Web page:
I feel like too many times we look back with regret at what we HAVEN’T done in the past.
And that does you little good.
“If I had only started playing guitar 2 years ago when my friend did, I would have been so good by now.”
“If I had only stuck to my diet 6 months back I’d be in such great shape today.”
“If I had only spent the last year being productive instead of spending most of my time distracting myself with games/TV, I would be so much more successful.”
What if instead, you re-framed your thinking, from feeling regret and guilt about the past, to imagining the possibilities of the future?
“Just imagine how great I could get at guitar if I play consistently for the next 2 years?”
“Just imagine how great shape I can be in if I eat healthy for the next 6 months?
“Just imagine how successful I will become if I spend the next year being more productive and spending less time distracting myself?
What if in addition to re-framing your mindset from past to future-focused, you also focused more on what actionable steps you can take in the present?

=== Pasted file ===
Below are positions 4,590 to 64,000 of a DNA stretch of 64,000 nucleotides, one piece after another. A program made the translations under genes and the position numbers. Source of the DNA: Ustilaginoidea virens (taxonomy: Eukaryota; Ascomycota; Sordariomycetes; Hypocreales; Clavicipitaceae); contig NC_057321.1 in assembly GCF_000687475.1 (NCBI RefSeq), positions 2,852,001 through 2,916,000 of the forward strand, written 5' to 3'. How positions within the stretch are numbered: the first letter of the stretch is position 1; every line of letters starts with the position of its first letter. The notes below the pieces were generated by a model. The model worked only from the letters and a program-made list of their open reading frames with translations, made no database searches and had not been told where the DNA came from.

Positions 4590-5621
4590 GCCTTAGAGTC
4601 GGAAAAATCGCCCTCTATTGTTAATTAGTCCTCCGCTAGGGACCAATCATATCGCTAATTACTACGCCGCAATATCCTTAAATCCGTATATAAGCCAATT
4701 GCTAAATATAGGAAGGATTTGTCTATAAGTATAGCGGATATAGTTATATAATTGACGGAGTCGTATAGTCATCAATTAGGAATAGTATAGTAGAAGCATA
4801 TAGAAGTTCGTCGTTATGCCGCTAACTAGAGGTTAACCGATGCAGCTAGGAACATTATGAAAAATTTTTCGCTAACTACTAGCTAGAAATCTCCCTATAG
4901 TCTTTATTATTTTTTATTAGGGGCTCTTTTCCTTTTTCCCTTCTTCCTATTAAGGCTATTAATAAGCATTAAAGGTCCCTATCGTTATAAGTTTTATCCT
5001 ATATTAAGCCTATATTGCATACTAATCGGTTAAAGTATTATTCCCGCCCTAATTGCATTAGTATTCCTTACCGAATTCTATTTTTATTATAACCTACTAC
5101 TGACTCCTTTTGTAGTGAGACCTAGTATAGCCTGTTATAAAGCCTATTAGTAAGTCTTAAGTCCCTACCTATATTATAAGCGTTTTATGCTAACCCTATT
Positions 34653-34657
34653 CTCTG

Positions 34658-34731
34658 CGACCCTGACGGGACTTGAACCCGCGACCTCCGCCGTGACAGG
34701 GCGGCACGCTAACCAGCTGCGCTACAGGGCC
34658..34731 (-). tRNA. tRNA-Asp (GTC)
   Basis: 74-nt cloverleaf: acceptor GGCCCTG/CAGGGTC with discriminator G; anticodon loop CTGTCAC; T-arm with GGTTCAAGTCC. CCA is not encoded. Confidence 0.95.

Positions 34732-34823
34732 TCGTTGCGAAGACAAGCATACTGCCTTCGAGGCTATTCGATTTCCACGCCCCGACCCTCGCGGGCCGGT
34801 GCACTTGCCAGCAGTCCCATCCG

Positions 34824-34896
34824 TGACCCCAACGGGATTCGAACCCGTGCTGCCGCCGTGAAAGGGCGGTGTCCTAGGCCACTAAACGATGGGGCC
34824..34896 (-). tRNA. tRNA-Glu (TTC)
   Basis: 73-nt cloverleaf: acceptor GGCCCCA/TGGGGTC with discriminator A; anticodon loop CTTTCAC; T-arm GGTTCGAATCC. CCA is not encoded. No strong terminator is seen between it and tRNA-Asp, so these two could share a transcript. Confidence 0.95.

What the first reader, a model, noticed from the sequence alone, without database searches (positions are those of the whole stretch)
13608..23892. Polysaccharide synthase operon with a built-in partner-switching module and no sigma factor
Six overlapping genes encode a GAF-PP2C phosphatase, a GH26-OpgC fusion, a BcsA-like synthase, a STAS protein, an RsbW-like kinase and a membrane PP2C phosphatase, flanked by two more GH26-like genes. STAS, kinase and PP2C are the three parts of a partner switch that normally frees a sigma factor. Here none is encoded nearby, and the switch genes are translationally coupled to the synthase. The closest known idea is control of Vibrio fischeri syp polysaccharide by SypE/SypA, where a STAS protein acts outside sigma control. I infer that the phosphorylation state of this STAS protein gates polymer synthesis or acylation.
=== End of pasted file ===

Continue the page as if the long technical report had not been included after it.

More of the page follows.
“What specific steps can I take today to improve my guitar skills?”
“What is a healthy meal I can have for dinner tonight to get on the path towards getting in better shape?”
“What is 1 thing I can do today that is productive?”
Summing it up
I think both the future-focused and present-focused mindsets are helpful.
Future-focused thinking is helpful for determining your long-term goals/priorities, as well as for inspiration.
The present-focused mindset is helpful for forming more specific plans, and achieving moment-to-moment satisfaction.
Past-focused thinking has it’s place too (e.g., assessing past performance can help inform future changes in your strategy). But when you are focusing too much on the past in a negative way (regret, guilt, shame at what you did), that is less helpful.
And you are better off focusing more on the future and the present.